Making a difference for people with autism through a popular summer treat
Rita's Italian Ice aims to be inclusive
LAKE BUENA VISTA, Fla. – Chip Bryers and Andrew Collins recently opened a Rita's Italian Ice and frozen custard store in Lake Buena Vista, and they're using it to set a positive example for other employers.
"I've actually had someone tell me, 'Until you figure out how to talk, we can't work with you'" Bryers, who has autism, said.
They were hurtful words but that didn't stop the 25-year-old from pushing forward as an entrepreneur.
"People need to look past, like, what they see on the surface," Bryers said.
Three years ago, while they were working as Disney cast members, he pitched an idea to his co worker, Collins, to start their own business.
"We kind of realized that what we wanted was to kind of be our own business owners, and Chip here actually saw an advertisement on Facebook from the area developer," Collins said.
They reached that goal almost two months ago when they opened the doors to their franchise.
For both men, it wasn't just about becoming business owners. They also wanted to offer a workplace for people who have autism or some type of special condition.
Currently, half of their workers are diagnosed autism.
"They will surprise you and they will do a great job if you let them," Bryers said.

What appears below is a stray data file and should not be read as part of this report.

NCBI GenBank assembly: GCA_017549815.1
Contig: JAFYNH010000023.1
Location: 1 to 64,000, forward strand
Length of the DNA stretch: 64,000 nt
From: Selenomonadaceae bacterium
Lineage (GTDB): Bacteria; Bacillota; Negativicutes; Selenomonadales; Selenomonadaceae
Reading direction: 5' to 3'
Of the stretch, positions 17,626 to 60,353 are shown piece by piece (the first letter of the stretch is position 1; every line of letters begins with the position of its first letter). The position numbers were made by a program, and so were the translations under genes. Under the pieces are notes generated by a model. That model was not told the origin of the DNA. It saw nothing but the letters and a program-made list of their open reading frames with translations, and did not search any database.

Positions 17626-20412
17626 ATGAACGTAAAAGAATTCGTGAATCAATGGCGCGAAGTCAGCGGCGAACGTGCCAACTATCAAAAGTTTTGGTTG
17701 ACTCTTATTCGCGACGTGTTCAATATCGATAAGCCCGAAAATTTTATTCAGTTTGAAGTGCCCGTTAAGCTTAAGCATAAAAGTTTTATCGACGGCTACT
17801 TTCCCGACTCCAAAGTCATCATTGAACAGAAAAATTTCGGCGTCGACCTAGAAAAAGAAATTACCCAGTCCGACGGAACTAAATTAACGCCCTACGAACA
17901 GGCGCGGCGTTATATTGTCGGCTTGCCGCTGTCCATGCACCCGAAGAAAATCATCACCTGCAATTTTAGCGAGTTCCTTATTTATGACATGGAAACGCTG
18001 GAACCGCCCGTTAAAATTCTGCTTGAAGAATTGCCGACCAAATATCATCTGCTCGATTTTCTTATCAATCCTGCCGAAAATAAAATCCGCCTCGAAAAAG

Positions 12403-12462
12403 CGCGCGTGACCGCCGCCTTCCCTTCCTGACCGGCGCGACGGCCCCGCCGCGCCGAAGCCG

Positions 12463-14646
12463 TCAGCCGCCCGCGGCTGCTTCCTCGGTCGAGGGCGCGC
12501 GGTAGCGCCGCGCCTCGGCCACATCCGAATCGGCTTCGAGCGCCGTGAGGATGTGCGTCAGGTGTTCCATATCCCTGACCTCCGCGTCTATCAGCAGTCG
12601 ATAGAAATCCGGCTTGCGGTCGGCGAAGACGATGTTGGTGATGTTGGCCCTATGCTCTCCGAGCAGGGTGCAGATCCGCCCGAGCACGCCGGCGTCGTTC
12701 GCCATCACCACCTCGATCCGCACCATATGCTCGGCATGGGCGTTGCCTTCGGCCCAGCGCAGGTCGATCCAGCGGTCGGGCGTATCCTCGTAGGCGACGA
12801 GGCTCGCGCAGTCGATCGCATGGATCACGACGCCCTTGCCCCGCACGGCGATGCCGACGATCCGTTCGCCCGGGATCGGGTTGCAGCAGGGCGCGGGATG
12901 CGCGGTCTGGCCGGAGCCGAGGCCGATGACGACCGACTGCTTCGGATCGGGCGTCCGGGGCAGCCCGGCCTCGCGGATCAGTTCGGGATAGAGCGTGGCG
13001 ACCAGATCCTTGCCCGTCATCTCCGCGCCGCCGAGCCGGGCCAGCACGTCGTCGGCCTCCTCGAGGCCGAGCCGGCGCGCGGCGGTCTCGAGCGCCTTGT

For Collins, their accomplishment has a personal connection. His brother is also on the autism spectrum.
"I just know he's gonna have all these extra challenges going forward in life and I feel like people should have the ability to be able to work wherever they want and have a successful life and career," Collins said.
Bryers said he hopes other employers learn to value those employees with special needs.
"There are so many wonderful businesses around here that do hire autistic people and I am very grateful to all of them. However, if I could send a message to them, I would say: You should stop viewing it as, like, your charity, community service project and actually start looking at them as an asset and try to view them as valuable employees and not your community outreach program."
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